“Adding more weapon options and multiple aircraft introduces a lot of the dynamics that we were unable to push and explore in the AlphaDogfight Trials,” Javorsek said. “These new engagements represent an important step in building trust in the algorithms since they allow us to assess how the AI agents handle clear avenue of fire restrictions set up to prevent fratricide. This is exceedingly important when operating with offensive weapons in a dynamic and confusing environment that includes a manned fighter and also affords the opportunity to increase the complexity and teaming associated with maneuvering two aircraft in relation to an adversary.”

Another major focus of the ACE program is measuring pilot trust in the AI’s ability to conduct combat maneuvers while the human on board focuses on higher-cognitive battle manager decisions.

To begin capturing this trust data, test pilots have flown several flights in an L-29 jet trainer at the University of Iowa Technology Institute’s Operator Performance Laboratory. The two-seat jet is outfitted with sensors in the cockpit to measure pilot physiological responses, giving researchers clues as to whether the pilot is trusting the AI or not. The jet is not actually flown by an AI; rather a safety pilot in the front cockpit acts as a “human servo actuator” executing flight control inputs generated by an AI. To the evaluator pilot in the backseat, it appears as if the AI is performing the aircraft maneuvers.

“In an analog to the miles per disengagement used in self-driving cars, we are recording the time per disengagement which serves as a major metric for the program. In addition, we’ve started looking at measurement techniques to see where the evaluation pilot’s head is pointing, as well as where their eyes are looking around the cockpit,” Javorsek said. “This enables us to see how much the pilot is checking on the autonomy by looking outside the window, and comparing that to how much time they spend on their battle management task.”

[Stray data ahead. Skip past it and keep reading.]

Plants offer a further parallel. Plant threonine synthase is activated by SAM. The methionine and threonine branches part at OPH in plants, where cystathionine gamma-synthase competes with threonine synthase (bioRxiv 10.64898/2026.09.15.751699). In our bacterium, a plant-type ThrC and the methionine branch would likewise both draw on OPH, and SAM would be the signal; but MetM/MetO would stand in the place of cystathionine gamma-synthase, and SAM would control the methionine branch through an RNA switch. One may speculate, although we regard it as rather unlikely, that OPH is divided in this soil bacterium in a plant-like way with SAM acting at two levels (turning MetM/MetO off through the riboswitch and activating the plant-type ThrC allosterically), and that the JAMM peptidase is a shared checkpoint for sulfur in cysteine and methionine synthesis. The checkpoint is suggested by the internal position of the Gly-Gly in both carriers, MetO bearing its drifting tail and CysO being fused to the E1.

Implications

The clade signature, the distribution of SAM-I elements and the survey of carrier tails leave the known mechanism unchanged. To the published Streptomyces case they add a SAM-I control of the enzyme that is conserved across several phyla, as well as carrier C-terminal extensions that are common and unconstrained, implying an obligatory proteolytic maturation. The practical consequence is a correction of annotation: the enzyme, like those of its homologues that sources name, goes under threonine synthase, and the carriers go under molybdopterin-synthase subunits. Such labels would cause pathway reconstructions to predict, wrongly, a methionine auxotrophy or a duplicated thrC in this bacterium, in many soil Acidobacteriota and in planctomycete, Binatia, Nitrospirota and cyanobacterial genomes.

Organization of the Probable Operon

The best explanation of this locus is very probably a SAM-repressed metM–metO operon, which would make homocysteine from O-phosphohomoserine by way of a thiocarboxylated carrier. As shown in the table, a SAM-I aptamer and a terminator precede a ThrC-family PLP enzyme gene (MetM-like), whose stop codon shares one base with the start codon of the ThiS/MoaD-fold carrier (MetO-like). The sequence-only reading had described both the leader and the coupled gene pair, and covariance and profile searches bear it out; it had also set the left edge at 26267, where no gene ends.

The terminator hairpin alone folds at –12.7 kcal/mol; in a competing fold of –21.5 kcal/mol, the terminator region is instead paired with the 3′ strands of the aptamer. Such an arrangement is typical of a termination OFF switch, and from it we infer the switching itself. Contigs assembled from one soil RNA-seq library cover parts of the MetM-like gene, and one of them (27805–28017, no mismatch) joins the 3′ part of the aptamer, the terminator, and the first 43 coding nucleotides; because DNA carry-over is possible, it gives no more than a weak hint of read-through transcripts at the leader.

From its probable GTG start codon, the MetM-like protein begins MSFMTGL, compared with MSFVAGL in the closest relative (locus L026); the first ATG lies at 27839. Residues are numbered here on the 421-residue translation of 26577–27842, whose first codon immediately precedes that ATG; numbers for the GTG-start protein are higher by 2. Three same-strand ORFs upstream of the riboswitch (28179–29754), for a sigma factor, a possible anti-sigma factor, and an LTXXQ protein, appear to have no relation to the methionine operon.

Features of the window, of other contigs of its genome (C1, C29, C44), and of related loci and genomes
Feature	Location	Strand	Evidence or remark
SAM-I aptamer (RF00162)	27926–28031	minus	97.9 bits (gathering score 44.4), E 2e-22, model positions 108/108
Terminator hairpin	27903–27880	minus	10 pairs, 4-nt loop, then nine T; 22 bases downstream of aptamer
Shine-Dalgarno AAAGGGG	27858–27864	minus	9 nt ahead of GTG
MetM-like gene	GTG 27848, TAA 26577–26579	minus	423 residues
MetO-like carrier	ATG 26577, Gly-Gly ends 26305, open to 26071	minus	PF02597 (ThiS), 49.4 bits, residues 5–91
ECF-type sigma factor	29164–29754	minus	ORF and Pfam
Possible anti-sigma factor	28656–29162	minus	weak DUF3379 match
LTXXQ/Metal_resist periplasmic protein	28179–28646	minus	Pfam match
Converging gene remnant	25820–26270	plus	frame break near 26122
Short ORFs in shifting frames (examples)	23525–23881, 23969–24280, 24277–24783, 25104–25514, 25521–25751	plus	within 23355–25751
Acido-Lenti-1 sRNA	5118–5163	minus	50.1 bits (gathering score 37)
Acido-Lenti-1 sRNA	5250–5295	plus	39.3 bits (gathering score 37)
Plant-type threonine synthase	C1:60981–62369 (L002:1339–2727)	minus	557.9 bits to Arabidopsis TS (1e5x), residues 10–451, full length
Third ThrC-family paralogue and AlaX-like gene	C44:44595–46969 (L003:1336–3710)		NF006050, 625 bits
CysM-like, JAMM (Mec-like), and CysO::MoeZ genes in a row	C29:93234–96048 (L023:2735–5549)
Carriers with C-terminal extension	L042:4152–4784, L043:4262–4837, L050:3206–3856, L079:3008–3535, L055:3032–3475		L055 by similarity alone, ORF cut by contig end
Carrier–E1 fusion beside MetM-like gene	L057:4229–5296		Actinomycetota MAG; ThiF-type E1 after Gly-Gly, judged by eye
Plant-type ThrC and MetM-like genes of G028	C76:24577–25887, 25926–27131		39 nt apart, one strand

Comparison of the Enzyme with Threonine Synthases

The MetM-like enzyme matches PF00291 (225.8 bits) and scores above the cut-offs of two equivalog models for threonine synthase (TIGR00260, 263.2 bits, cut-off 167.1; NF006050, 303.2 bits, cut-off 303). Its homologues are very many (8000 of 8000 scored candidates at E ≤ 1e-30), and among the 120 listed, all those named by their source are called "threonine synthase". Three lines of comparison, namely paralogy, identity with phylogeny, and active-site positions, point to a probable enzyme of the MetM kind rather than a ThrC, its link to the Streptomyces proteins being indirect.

The ACE program is also researching two independent frameworks for an AI battle manager in what has been deemed the AlphaMosaic agent for BVR and campaign scale command and control. Scrimmage 1 saw these two agents engaging in more complex multi-domain cruise missile defense (CMD) scenarios created by APL. The two contractor teams continue to refine their agents and architectures in preparation for their Scrimmage 3 head-to-head competition at the end of the phase.

Looking beyond the subscale aircraft tests in late 2021, ACE performer Calspan has begun modifying the first L-39 full-scale jet trainer that will be piloted by the AI in live-fly team dogfights during Phase 3 of the program in late 2023 and 2024.

The first step is to create an accurate aero performance model of the L-39 that the AI algorithm can use to make predictions as well as tactical maneuver decisions. Once the aero model is complete, the L-39 will be fully modified so that the AI will be able to take control of the aircraft.

DARPA awarded Calspan $14.1 million in July 2020 for the modification of up to four Aero Vodochody jet trainers with autonomous fly-by-wire flight control system technology to allow implementation and demonstration of advanced human machine interfaces (HMI) and AI algorithms.